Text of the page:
Carney Struggles to Defend Valerie Jarrett Tweet that Obamacare Will Not Force People Off Their Insurance


White House press secretary Jay Carney tried to defend senior administration official Valerie Jarrett's tweet from last night where she said "FACT: Nothing in #Obamacare forces people out of their health plans. No change is required unless insurance companies change existing plans" Tuesday in the White House press conference.

CBS White House correspondent Major Garrett asked Carney how he and Jarrett could possibly contend that the Obama administration is not responsible for the elimination of individual health insurance plans when the Affordable Care Act produced the means for HHS to write regulations to decide which policies would be allowed under the law.

Carney again obfuscated the point, alleging that plans only become ineligible if insurance companies implemented "changes" to their policies:

MAJOR GARRETT: As for the Affordable Care Act, Valerie Jarrett sent out a tweet last night saying nothing in the Affordable Care Act is requiring any of these changes. and I'd like to see if you could just say — understand how — the way the American public would say, wait a minute, the law itself creates the means by which the administration judges, whether an individual insurance policy has changed sufficiently to meet the standards, meaning if you're after the grandfathering period and something about the coverage changed, then the administration can judge whether or not that qualifies for the grandfathering exemption. So the administration is involved in evaluating whether or not this coverage does or does not meet the standards and whether people have to receive a canceling notice. Is that not true?

CARNEY: Well, let's be clear. That would be true a year from now or five years from now. If an insurer put forward a plan and — (inaudible) — the standards then it did not meet the standards, you know, it didn't provide maternity care, or it didn't provide mental health services, or it tried to impose annual caps or something like that, the answer would be no, that didn't meet the standards. So the only thing that could be done was the law was written is that —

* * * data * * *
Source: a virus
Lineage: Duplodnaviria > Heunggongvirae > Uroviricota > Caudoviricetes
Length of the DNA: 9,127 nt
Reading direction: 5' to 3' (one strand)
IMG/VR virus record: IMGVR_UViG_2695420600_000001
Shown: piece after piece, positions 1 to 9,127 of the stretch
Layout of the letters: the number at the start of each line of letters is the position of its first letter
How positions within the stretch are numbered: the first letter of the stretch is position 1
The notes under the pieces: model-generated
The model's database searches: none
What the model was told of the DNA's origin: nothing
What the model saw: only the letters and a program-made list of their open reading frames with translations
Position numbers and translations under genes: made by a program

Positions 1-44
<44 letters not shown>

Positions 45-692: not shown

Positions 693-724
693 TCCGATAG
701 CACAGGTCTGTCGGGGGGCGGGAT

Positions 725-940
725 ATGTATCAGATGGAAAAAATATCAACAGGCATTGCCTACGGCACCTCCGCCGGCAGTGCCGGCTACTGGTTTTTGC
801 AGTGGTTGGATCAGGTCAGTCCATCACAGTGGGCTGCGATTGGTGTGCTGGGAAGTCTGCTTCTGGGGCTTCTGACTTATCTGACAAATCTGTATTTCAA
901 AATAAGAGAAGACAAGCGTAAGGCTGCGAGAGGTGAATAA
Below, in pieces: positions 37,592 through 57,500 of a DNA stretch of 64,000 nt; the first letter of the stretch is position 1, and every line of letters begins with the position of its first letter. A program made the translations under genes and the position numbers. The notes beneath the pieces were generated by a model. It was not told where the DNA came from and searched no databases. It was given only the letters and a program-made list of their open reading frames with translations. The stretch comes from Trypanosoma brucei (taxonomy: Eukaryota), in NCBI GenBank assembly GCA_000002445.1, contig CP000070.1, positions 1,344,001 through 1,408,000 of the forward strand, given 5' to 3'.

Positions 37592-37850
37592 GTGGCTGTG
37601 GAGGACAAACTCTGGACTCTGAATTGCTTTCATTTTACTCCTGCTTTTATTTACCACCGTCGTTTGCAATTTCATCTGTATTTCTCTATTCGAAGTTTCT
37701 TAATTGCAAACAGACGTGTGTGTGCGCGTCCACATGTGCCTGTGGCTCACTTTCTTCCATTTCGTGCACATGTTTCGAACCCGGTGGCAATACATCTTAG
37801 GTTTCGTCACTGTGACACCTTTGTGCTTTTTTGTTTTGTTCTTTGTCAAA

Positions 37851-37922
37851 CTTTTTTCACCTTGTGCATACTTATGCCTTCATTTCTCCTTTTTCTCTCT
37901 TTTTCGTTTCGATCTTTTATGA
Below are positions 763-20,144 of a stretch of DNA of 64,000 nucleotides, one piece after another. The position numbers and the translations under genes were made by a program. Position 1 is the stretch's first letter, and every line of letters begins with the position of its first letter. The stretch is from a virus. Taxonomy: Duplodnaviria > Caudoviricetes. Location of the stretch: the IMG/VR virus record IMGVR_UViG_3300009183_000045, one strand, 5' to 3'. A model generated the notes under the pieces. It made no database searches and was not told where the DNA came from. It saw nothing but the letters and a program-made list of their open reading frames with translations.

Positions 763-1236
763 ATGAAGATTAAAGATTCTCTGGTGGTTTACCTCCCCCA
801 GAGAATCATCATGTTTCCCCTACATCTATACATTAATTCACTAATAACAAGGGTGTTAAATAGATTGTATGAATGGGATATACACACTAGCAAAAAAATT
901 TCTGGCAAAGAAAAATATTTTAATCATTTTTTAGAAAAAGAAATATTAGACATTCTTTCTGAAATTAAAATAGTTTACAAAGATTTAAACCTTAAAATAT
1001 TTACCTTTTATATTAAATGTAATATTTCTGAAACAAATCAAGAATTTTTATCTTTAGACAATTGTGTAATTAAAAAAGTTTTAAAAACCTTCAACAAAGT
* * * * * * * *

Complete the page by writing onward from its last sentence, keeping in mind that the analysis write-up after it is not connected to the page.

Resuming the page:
GARRETT: (Off mic) — enforced it, right?

CARNEY: Well, right. And so what — the point that she was making and that I and others made last night and I'm making today is that as written, the law granted a grandfather status to individuals who had insurance on the individual market before the passage of the Affordable Care Act and kept that insurance and wanted to keep it for as long as they were alive if it — is the insurer wanted to have them on that plan. But if the insurer, last year or the year before or earlier this year, told, let's say it's you, that guess what, your plan that you signed up for for a year, we're changing —

GARRETT: (Off mic.)

CARNEY: — reduce benefits or anything.

GARRETT: The administration steps in and says, we judge that to be a significant —

CARNEY: The administration doesn't step in. the insurance company understands and has understood since the —

GARRETT: (Off mic) — significant enough change, and so now that's no longer grandfathered. That's the process, is it not?

CARNEY: Well, you're — in terms of the agency here, I think the insurer is making a decision to basically cancel the plan and reissue or offer the individual a new plan with different benefits or different costs.

However, the White House press secretary ignored the fact that normal fluctuations in the individual insurance market often result in changes that fall under the HHS regulations, effectively disqualifying many plans.

Moreover, as NBC reports, the Obama administration knew this when writing the regulations in July 2010:

None of this should come as a shock to the Obama administration. The law states that policies in effect as of March 23, 2010 will be "grandfathered," meaning consumers can keep those policies even though they don’t meet requirements of the new health care law. But the Department of Health and Human Services then wrote regulations that narrowed that provision, by saying that if any part of a policy was significantly changed since that date — the deductible, co-pay, or benefits, for example — the policy would not be grandfathered.


Yet President Obama, who had promised in 2009, "if you like your health plan, you will be able to keep your health plan," was still saying in 2012, "If [you] already have health insurance, you will keep your health insurance."

"This says that when they made the promise, they knew half the people in this market outright couldn’t keep what they had and then they wrote the rules so that others couldn’t make it either," said Robert Laszewski, of Health Policy and Strategy Associates, a consultant who works for health industry firms. Laszewski estimates that 80 percent of those in the individual market will not be able to keep their current policies and will have to buy insurance that meets requirements of the new law, which generally requires a richer package of benefits than most policies today.

Full exchange:

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